Hillary Clinton’s coming feminist campaign
Hillary Clinton will soon be running for the presidency again, this time on women’s issues. Writing in Bloomberg Politics, Lisa Lerer and Jennifer Epstein point out that she is pushing issues such as equal pay, family leave, and government subsidized child care. She attended a number of events focused on women’s issues, brags about how as secretary of state she did a lot for women and girls, and sprinkles her speeches with comments on becoming a grandmother. Aside from yet another crass reinvention of herself just in time for the next election, the odd feature of a feminist campaign is that in the U.S. women are doing better than men.
Consider what makes a life go well. On one theory, how well someone’s life goes depends on how happy she is and how long she lives. On another theory, how well someone’s life goes depends in part on how happy she is but also on whether it is meaningful.
In the U.S., women are happier than men. University of Pennsylvania economists Betsy Stevenson and Justin Wolfers have found that over the last few decades (1972-2006), women are on average happier than men, although the gap between them is closing. Studies that focus on people in the European Union and studies of even larger blocs of countries also find women are happier. In addition, women live longer than men. A recent study by the Organization of Economic Cooperation and Development found that, on average, American women live 5 more years (7 percent longer).
Hence, on average, women are happier and they live longer. If how well one’s life goes depends on, and only on, how happy she is, then women currently have better lives than men.
If, instead, how well someone’s life goes depends in part on how meaningful her life is, women’s lives again go better. On a standard account, how meaningful one’s life is depends on the degree to which one has family and friends, knowledge, and dignity.
Consider family and friends. Women have more family in the sense that they are more likely to live with their children than do men. While the studies vary, it also appears that on average women have more friends than do men, particularly friends who are related to them (kin).
Consider knowledge. When it comes for formal learning, women are more knowledgeable as evidenced by the fact that across all grades and academic subjects (including the sciences), women get better grades. They are also considerably more likely to attend and graduate from college.
Consider dignity. Large swaths of men lose dignity when they are caught up in the soul-crushing indignities of the criminal justice system. Also, men’s lives appear to more frequently lack dignity in that men commit suicide far more often than women. It should be mentioned that women more often attempt suicide and think about it.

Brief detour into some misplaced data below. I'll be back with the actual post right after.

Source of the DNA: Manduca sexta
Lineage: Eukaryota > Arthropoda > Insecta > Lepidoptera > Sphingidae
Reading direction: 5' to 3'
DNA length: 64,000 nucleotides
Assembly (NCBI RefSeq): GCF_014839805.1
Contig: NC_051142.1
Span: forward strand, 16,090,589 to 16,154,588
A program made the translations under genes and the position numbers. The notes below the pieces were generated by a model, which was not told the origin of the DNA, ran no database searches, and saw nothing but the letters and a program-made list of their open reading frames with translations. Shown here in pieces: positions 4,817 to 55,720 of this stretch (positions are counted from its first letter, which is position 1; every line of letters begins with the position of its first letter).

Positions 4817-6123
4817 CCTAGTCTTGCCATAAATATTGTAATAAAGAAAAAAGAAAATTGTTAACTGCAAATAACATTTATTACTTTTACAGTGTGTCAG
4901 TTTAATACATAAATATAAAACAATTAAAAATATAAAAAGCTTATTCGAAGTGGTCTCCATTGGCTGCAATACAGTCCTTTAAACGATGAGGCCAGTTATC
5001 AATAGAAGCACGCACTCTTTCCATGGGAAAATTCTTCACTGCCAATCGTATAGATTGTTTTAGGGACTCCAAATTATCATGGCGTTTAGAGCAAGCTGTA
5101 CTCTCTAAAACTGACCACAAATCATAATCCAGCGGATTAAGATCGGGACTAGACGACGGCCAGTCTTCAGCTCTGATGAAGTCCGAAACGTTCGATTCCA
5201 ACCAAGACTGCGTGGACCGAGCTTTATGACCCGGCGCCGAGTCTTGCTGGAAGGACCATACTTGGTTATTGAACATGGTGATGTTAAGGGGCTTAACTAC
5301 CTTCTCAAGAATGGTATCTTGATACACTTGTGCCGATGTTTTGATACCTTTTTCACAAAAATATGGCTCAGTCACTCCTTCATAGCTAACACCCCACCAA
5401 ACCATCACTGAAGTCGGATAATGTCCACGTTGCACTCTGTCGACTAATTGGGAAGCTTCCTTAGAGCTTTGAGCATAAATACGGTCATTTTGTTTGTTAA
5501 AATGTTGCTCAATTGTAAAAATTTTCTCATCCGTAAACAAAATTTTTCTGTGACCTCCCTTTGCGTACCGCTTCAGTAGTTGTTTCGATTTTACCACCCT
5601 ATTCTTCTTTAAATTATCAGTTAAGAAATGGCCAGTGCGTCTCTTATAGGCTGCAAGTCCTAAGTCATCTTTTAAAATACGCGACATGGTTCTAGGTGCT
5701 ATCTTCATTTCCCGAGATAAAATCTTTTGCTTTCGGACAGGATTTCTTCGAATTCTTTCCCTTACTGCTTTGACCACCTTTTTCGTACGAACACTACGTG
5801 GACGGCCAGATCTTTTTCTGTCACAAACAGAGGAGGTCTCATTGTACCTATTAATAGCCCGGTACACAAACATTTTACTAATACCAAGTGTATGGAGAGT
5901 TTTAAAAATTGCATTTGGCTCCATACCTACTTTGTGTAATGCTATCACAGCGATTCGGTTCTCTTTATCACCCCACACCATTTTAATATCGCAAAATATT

The interesting question is whether there is something wrong about a political candidate focusing on a better-off group.
If the political marketplace is similar to the economic marketplace, then it is hard to see why there is anything wrong when a politician targets better-off voters just as there is nothing wrong when a business targets better-off consumers. A Lexus dealer doesn’t try to sell cars to the middle class and, morally, this is just fine. If Clinton doesn’t try to sell her candidacy to white men and, perhaps, even to married white women, this seems to be fine for the same reason.
Still, there is something odd about trying to benefit a group doing well, especially if the candidate is a member of it. Consider if Chuck Schumer (D-NY) were to focus his next senatorial campaign on benefitting Jews. The reason this would be odd is that Jews are the wealthiest religious group in America and it is not obvious that they need or deserve a larger piece of the pie. A 2008 Pew Forum study found 46 percent of Jews make more than $100,000 (more than double the rate of other Americans) and they are overrepresented in the Wall Street, Silicon Valley, Hollywood, medicine, and so on. There does seem to be something strange about focusing on better-off groups, although it is hard to see why it is wrong. Women, like Jews, are a better-off group.
If one views politicians as subject to moral considerations that limit which voters they can appeal to and how they can appeal to them, then Clinton’s feminist campaign is problematic. After all, she is promising benefits to a better-off group and, if successful, it is hard to see how this will improve any of the things we value: liberty, equality, efficiency, or desert.
A Clinton apologist might claim that her proposed programs (for example, subsidized childcare, equal pay, and family leave) are the right thing to do anyway because they will make the country more equal. The feminist packaging is just a way of selling desirable policies.
Parenting is already so heavily subsidized in this country that it is hard to believe that the apologist can defend subsidized childcare with a straight face. The smorgasbord of free education, child-based tax credits and deductions, welfare programs, Head Start programs, and assorted other goodies make it hard to believe that yet another welfare program for parents should be created and lavishly funded.
Equal pay is already mandated by law and likely already characterizes the U.S. workplace. And even proponents of family leave seem to have a hard time explaining why businesses, especially small- and medium-sized one, should be forced to pay workers who don’t go to work for months on end, albeit for emergencies outside of their control. Even if these ideas weren’t terrible, they are hardly the most important issues Americans face.
Stephen Kershnar is a philosophy professor at the State University of New York at Fredonia. Send comments to firstname.lastname@example.org